Miami Literary Spice

From left to right: Professor Osamudia James, Associate Professor Chantel Acevedo, author Jennine Capó Crucet, and Marisol Capellan, program manager of the SEEDS program.
By Michael R. Malone

From left to right: Professor Osamudia James, Associate Professor Chantel Acevedo, author Jennine Capó Crucet, and Marisol Capellan, program manager of the SEEDS program.

Miami Literary Spice

By Michael R. Malone
Novelist Jennine Capó Crucet’s Miami-spiced book talk spotlighted the One Book, One U initiative.

Hialeah born-and-raised author Jennine Capó Crucet entertained a standing-room-only audience in the Shalala Student Center Senate Room on March 20 reading “Miami-spiced” segments from her novel Make Your Home Among Strangers, the UM’s designated 2018-19 One Book, One U common book.

Capó Crucet, who recently earned an associate professorship at the University of Nebraska-Lincoln, described the book as a “fictional roadmap of the first-generation college experience.”

“Freshmen need a special skill set which, against tremendous odds, allows them to just get to college,” she said. “Those skills, which reflect different backgrounds and different trajectories, are really a benefit for any campus. They need to be shared.”

Creative Writing Professor Chantel Acevedo, who has spearheaded the One Book, One U initiative together with Osamudia James, vice dean and professor in the School of Law, welcomed Capó Crucet and the opportunity that the book—which tackles issues of identity, belonging, and separation from home—offered.

“We’re at college, we read. How wonderful that we get to have a common conversation over a book,” said Acevedo, herself a novelist.

Capó Crucet’s appearance anchored a series of common-book events offered through One Book, One U, an initiative sponsored by the SEEDS (A Seed for Success) program, the English Department, Creative Writing Program, Women’s and Gender Studies Program, the College of Arts and Sciences, the School of Law, and the Office of Institutional Culture, among others.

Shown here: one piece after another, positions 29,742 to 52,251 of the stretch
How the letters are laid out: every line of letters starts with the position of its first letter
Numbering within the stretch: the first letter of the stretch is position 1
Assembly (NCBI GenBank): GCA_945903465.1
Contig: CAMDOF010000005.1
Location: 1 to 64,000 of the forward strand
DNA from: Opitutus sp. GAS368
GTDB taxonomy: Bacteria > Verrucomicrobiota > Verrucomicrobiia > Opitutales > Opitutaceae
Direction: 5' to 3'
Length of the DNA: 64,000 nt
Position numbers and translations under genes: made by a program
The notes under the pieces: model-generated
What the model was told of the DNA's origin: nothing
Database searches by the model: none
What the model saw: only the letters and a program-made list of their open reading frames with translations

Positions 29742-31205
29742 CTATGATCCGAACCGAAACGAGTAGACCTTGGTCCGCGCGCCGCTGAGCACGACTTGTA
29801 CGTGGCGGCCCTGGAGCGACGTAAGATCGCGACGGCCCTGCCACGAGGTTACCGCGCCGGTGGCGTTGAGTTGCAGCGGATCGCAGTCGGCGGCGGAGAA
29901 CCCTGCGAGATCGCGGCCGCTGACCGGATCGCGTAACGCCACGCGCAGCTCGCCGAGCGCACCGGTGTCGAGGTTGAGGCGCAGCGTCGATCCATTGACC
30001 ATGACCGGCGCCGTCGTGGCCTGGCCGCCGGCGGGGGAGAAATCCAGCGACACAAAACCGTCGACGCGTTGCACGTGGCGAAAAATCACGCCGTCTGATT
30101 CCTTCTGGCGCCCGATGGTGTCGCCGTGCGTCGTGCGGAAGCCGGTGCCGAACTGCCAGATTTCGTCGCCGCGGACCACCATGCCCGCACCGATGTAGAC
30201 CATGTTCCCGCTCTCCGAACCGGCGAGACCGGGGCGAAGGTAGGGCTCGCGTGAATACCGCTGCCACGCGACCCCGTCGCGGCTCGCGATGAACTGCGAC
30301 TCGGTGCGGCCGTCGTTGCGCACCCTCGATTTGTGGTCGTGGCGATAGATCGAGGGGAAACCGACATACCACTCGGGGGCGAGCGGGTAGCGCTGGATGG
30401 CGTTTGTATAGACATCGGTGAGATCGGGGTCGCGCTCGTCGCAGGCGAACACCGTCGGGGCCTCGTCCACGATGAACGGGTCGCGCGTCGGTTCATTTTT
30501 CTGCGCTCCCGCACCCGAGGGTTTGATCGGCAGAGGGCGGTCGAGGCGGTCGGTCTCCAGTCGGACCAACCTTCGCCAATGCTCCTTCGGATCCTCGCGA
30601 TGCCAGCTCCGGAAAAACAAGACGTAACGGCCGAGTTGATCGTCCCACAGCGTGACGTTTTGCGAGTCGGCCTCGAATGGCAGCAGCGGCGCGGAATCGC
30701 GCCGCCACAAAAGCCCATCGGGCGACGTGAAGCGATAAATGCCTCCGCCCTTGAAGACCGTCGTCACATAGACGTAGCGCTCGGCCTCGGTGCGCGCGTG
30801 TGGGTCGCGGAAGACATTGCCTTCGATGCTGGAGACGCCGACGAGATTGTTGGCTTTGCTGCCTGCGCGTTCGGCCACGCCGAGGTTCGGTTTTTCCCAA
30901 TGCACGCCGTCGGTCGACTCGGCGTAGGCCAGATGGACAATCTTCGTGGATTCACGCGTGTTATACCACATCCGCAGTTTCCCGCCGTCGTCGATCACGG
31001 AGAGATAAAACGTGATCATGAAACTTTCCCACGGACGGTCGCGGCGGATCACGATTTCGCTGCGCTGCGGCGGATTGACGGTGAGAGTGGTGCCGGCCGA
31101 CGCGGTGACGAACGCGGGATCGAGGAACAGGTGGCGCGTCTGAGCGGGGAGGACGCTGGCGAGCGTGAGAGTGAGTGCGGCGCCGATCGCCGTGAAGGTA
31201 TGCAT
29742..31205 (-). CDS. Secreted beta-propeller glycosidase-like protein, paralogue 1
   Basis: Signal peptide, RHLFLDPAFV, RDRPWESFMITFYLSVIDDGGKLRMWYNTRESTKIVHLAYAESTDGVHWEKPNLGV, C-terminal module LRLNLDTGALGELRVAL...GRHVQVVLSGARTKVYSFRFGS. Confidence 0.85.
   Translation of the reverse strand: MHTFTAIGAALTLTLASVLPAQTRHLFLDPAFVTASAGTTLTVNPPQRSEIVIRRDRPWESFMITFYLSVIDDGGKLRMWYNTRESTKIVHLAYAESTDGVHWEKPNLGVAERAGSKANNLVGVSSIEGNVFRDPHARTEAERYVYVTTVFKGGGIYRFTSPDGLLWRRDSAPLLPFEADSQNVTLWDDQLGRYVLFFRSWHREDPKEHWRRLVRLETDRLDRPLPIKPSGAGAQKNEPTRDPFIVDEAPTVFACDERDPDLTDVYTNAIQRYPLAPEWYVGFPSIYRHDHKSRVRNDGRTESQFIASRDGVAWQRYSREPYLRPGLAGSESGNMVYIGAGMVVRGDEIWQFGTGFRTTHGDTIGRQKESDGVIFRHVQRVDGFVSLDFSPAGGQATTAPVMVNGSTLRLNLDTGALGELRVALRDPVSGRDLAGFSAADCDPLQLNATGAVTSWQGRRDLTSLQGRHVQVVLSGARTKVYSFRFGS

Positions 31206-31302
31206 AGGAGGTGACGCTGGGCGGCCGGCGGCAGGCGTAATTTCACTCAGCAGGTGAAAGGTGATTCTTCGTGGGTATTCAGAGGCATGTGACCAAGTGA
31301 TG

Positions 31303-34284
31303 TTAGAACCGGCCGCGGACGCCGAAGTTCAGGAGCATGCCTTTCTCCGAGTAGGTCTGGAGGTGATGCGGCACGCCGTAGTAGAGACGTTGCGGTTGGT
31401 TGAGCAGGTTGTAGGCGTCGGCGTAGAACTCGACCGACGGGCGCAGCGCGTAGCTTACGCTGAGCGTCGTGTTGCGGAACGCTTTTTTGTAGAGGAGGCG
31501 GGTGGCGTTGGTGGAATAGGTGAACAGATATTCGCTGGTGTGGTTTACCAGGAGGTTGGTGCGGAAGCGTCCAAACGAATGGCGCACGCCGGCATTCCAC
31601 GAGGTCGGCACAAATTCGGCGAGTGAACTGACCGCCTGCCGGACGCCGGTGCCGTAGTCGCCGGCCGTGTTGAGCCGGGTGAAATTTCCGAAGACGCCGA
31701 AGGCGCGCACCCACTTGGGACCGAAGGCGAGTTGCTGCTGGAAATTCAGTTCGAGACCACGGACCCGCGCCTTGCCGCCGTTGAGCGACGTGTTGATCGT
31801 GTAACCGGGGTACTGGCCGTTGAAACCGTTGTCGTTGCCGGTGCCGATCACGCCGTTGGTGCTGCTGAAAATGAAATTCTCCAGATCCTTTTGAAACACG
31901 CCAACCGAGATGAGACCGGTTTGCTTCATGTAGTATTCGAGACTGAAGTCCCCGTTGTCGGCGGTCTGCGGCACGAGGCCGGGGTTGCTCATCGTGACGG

The novel’s Cuban-American protagonist Lizet leaves family, friends, and lovers behind to attend a prestigious New England college school; the setting rotates between Miami and the bitter cold North. The winner of the international Latino Book Award for Best Latino-Themed Fiction and a New York Times Book Review Editor’s Choice, the novel has been chosen by multiple universities as a common book because of its pertinent themes for students.

“I can’t always read these parts, but you guys will get this because you’re from Miami,” Capó Crucet joked with the audience, which included her mother, father, sister and “nieta.”

The author read for an hour, interacting with the audience to encourage them to turn pages, stretch, or chiding them—in good humor—for slipping out early. The first reading passage centered on a comical scene between Lizet and boyfriend Omar, triggered after a back-seat sexual romp late at night on a golf course. The young lovers funnel into confusion when Omar asks if Lizet is “ready to leave”–to go home? Or to leave Miami and her family behind? Their spat ends abruptly when the two realize Omar’s car is stuck in the golf-course “rough.”

Capo Crucet lauded the benefits of a literary degree to the many aspiring writers who attended her talk.

“A literary degree teaches you how to think, and gives you the capacity to put complex ideas together,” she said. It gave her the confidence to secure her first job, working with a nonprofit in Los Angeles, a scenario that helped fuel her writing and eventually the publication of Make Your Home Among Strangers and other works.

The selection of a common book was designed to spur conversation around relevant current themes, and a number of departments and schools offered related events to expand that conversation. A few events remain.

UM Libraries hosts the Youth, Families, Acculturation and Adjustment colloquium with lunch on March 30. The Honors Students’ Association Sigma Tau Delta on April 12 hosts A Novel Discourse: Make Your Home Among Strangers at the Shalala Center and the O, Miami Poetry Festival 2018 sponsors Before It Sinks Into the Sea: Micro-Elegies for Miami, a writing exercise at The Rock on April 19.